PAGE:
Rodríguez D, Gao ZG, Moss SM, Jacobson KA, Carlsson J
J Chem Inf Model 55 (3) 550-563 [2015-03-23; online 2015-02-13]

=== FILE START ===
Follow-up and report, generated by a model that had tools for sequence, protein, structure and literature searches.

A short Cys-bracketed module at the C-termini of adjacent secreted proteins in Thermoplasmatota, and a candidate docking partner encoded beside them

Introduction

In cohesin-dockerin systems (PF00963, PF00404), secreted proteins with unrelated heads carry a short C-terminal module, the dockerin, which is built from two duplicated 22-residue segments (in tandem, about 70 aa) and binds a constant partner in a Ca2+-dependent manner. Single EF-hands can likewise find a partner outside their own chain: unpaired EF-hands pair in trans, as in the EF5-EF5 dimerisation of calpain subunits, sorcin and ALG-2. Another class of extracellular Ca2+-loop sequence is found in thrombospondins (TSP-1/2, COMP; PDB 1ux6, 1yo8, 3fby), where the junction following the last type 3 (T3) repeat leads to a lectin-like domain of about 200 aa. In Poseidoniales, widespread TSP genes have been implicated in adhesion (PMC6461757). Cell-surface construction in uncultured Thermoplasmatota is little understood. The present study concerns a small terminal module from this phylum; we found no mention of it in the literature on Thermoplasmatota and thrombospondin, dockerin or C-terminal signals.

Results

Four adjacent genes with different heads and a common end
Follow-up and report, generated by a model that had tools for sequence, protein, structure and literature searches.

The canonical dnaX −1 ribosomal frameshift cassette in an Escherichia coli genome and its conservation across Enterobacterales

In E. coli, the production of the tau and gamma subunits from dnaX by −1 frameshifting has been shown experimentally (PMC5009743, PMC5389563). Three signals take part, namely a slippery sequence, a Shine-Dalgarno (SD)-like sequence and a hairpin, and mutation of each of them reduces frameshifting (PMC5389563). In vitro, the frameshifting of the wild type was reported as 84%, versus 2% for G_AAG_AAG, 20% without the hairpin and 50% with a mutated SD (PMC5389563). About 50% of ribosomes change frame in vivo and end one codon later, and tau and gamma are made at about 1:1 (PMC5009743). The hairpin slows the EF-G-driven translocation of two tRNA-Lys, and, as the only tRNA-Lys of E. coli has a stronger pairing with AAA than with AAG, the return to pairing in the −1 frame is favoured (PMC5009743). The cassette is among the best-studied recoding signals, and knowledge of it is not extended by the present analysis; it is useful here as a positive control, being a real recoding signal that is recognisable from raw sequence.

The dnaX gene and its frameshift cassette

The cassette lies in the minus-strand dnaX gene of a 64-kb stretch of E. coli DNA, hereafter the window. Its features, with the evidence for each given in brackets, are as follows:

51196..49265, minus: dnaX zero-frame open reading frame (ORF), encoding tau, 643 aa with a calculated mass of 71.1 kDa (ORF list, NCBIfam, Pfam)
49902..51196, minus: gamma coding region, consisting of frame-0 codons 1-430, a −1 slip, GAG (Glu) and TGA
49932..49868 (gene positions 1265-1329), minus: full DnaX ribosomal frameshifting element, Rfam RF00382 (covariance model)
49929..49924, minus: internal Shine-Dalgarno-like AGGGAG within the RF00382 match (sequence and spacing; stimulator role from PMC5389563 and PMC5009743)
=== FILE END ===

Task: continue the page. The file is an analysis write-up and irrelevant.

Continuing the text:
Crystal structures of G protein-coupled receptors (GPCRs) have recently revealed the molecular basis of ligand binding and activation, which has provided exciting opportunities for structure-based drug design. The A2A adenosine receptor (A2AAR) is a promising therapeutic target for cardiovascular diseases, but progress in this area is limited by the lack of novel agonist scaffolds. We carried out docking screens of 6.7 million commercially available molecules against active-like conformations of the A2AAR to investigate whether these structures could guide the discovery of agonists. Nine out of the 20 predicted agonists were confirmed to be A2AAR ligands, but none of these activated the ARs. The difficulties in discovering AR agonists using structure-based methods originated from limited atomic-level understanding of the activation mechanism and a chemical bias toward antagonists in the screened library. In particular, the composition of the screened library was found to strongly reduce the likelihood of identifying AR agonists, which reflected the high ligand complexity required for receptor activation. Extension of this analysis to other pharmaceutically relevant GPCRs suggested that library screening may not be suitable for targets requiring a complex receptor-ligand interaction network. Our results provide specific directions for the future development of novel A2AAR agonists and general strategies for structure-based drug discovery.